IPTables

CentOS Firewall

The package iptables allows System Administrators to configure rules for the firewall built into the Linux kernel which is implemented through various netfilter modules, chains and rules. Below are some basic examples to to deny or allow various network traffic (ICMP, TCP, UDP, etc.) from specific networks, host IPs, etc.

A common security practice is to DENY all traffic, and then open up very specific network rules. Below are some quick examples, but I’ll be putting together an example of a simple stateful firewall as well as a router configuration if you’re using NAT between networks. The router configuration gets a little more complex because you are defining rules for forwarding packets on top of accepting or denying.

Viewing CentOS Firewall Rules

You can use the following iptables command to view the current rules and also the number of hits per rule in packets and bytes. This could be useful, if you were denying ssh from everywhere except a specific network and wanted to know how many other networks are attempting to ssh into your server which could indicate a brute-force attack.

iptables -nvL

Saving CentOS IPTables Rules

This command will save the current running iptables rules to a file that can be restored at a later point in time. This is very useful if you’re making a lot of updates, and something screws up, you can diff the files and see what changed. It will help spot your error.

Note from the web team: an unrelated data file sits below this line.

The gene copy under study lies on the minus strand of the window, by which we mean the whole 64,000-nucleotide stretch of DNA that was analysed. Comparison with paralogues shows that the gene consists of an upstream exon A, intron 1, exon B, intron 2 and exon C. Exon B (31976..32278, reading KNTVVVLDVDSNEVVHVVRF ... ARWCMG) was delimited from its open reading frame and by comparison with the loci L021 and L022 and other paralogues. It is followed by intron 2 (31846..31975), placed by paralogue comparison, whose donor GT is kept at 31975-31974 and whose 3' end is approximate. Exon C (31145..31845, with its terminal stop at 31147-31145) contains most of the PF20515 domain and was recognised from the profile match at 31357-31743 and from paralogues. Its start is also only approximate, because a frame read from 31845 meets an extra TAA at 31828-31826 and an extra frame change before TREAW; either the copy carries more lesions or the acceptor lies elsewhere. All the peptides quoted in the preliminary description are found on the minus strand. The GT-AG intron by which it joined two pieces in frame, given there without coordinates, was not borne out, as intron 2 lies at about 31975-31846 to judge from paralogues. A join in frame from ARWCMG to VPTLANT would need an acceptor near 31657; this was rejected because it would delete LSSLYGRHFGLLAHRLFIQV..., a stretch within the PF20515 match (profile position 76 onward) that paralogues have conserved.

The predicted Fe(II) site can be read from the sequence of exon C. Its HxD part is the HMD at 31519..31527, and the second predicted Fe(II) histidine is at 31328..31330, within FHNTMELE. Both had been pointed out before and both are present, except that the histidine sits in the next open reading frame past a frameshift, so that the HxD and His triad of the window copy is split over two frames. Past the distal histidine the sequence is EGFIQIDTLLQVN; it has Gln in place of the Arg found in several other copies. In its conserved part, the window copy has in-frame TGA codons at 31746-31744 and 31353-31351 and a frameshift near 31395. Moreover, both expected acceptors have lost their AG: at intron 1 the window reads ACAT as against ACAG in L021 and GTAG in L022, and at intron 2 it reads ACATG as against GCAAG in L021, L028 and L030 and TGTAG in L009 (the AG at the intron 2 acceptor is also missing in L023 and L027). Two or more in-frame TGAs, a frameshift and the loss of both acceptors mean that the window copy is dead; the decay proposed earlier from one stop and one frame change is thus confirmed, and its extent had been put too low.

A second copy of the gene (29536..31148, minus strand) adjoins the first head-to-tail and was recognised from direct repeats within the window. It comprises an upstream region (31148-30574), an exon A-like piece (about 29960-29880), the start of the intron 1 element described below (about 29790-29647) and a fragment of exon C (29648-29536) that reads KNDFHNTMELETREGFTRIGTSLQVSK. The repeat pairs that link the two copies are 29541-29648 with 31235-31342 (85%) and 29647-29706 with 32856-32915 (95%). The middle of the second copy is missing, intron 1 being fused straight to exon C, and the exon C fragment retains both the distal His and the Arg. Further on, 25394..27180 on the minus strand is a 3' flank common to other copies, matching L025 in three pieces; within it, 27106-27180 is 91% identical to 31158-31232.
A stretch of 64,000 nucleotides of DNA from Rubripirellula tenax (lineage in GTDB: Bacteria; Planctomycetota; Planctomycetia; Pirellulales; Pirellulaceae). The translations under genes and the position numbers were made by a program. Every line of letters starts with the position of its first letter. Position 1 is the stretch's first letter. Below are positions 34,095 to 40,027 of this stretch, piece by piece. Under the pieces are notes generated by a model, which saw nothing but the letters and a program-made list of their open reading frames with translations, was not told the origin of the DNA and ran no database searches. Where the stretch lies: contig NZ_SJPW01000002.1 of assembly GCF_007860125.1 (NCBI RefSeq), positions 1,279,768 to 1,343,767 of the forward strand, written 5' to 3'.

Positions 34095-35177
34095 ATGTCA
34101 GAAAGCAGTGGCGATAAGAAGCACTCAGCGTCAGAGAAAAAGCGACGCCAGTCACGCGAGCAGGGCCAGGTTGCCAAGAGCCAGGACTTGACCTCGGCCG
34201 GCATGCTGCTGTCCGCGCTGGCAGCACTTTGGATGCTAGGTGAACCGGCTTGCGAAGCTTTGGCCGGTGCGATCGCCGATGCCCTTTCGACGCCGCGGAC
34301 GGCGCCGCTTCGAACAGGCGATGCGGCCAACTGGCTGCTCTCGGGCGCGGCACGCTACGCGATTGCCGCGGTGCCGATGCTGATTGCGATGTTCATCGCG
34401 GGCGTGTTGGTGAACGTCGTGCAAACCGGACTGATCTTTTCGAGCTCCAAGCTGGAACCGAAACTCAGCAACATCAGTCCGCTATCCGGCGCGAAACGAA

Note: the date command will append YYYY-MM-DD-HHmm timestamp to the end of the saved file.

iptables-save > /root/iptables.save.`date +%Y-%m-%d-%H%M`

Restore IPTables Rule

You can easily restore iptables rules saved with the command above with the iptables-restore command.

iptables-restore < /root/iptables.save.2004-01-01-1200

Allow Ping (ICMP)

This will command will allow ICMP packets including ping.

iptables -A TCP -p icmp -j ACCEPT

Allow SSH Access IPTables

This will command will allow remote ssh connections (TCP port 22).

iptables -A TCP -p tcp --dport 22 -j ACCEPT

Allow HTTPS Access IPTables

This will command will allow connections to a web server (apache, nginx, etc.) running https (encrypted http traffic) on the standard tcp port 443.

iptables -A TCP -p tcp --dport 443 -j ACCEPT

Allow HTTP Access IPTables

This will command will allow connections to a web server (apache, nginx, etc.) running http on the standard tcp port 80.

iptables -A TCP -p tcp --dport 80 -j ACCEPT

Allow DNS traffic

This will command will allow DNS traffic on udp port 53.

iptables -A TCP -p udp --dport 53 -j ACCEPT

Block an IP address

This example will block a specific IP address. You would want to use this if the same IP continually tries to brute-force your server, and you just don’t want to worry about it anymore. This will block out ficticious rogue IP 192.168.6.66

/sbin/iptables -A INPUT  -s 192.168.6.66/32 -j DROP

Block a network

Block the entire 10.66.6.0/24 network.

/sbin/iptables -A INPUT  -s 10.66.6.0/24 -j DROP

Disable Firewall

To disable the firewall, we can use the default init script to stop it, and set it to not come up at start. This is the best way to do it, as flushing all the rules

/etc/init.d/iptables stop
/sbin/chkconfig iptables off
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